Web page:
Research does seem to show that there is an ideal amount of activity and movement that optimizes immune function and response and helps us grow stronger and more resilient. It's not something many fitness enthusiasts want to hear, but too much exercise can be worse for our health than too little. Moderate-to-challenging exercise with appropriate rest and recovery between efforts can create the maximum benefit of our body's acute inflammation response, and what this means for most of us is that more is not always better. If we are feeling worn out, sore, and unmotivated to work out, those are strong signs from our body that we're overdoing it.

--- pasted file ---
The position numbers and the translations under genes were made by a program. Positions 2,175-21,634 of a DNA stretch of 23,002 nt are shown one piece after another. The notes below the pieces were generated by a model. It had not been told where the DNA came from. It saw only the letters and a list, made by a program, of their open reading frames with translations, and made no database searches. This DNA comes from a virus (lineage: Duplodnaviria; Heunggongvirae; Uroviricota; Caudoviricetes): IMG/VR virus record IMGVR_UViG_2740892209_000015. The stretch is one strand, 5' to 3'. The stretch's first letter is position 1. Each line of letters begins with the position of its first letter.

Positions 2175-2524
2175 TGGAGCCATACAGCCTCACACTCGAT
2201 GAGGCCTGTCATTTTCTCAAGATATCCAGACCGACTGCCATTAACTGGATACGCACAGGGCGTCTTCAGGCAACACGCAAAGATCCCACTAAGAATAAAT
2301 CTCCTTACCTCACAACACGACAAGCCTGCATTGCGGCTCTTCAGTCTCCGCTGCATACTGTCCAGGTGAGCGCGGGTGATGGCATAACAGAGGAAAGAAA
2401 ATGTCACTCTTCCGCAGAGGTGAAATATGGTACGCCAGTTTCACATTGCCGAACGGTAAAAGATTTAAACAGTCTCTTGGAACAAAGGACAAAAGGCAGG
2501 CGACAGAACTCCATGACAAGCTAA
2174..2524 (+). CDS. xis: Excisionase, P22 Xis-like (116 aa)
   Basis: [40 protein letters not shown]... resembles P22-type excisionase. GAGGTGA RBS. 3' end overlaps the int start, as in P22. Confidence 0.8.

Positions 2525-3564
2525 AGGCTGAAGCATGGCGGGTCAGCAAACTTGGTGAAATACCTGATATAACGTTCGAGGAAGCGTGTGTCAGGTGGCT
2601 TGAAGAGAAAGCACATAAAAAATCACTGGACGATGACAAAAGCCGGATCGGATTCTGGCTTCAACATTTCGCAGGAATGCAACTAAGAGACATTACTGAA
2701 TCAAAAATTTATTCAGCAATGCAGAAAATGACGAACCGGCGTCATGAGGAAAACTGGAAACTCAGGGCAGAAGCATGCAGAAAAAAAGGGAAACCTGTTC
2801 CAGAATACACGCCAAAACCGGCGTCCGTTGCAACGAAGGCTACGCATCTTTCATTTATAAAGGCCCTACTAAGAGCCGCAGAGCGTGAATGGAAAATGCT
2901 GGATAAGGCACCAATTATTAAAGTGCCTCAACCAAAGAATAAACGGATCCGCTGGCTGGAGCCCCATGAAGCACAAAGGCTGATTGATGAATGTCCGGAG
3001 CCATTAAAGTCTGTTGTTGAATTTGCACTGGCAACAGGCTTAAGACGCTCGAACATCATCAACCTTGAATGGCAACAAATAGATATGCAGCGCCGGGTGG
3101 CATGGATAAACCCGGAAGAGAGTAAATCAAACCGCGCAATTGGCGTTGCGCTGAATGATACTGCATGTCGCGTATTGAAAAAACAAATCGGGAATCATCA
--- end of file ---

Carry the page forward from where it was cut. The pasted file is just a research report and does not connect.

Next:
Managing and minimization inflammation
How do we know if we're working too hard, not recovering enough, and suffering from inflammation? Here are a few symptoms you may be experiencing, and chances are if you're experiencing a few of them at a time — or any of these on an ongoing basis — you may be dealing with chronic inflammation:
- Water retention (feeling or looking puffy)
- Red, sore, swollen, muscles that may even be warm to the touch as a result of increased blood flow
- Aching joints or extreme soreness that lasts more than a day or so after a workout
- Feeling sick or congested, like you have a mild cold, especially after hard workouts
- Reduced movement in the injured area (this can show up as sore muscles that don't have the same range without pain)
- Lower motivation and energy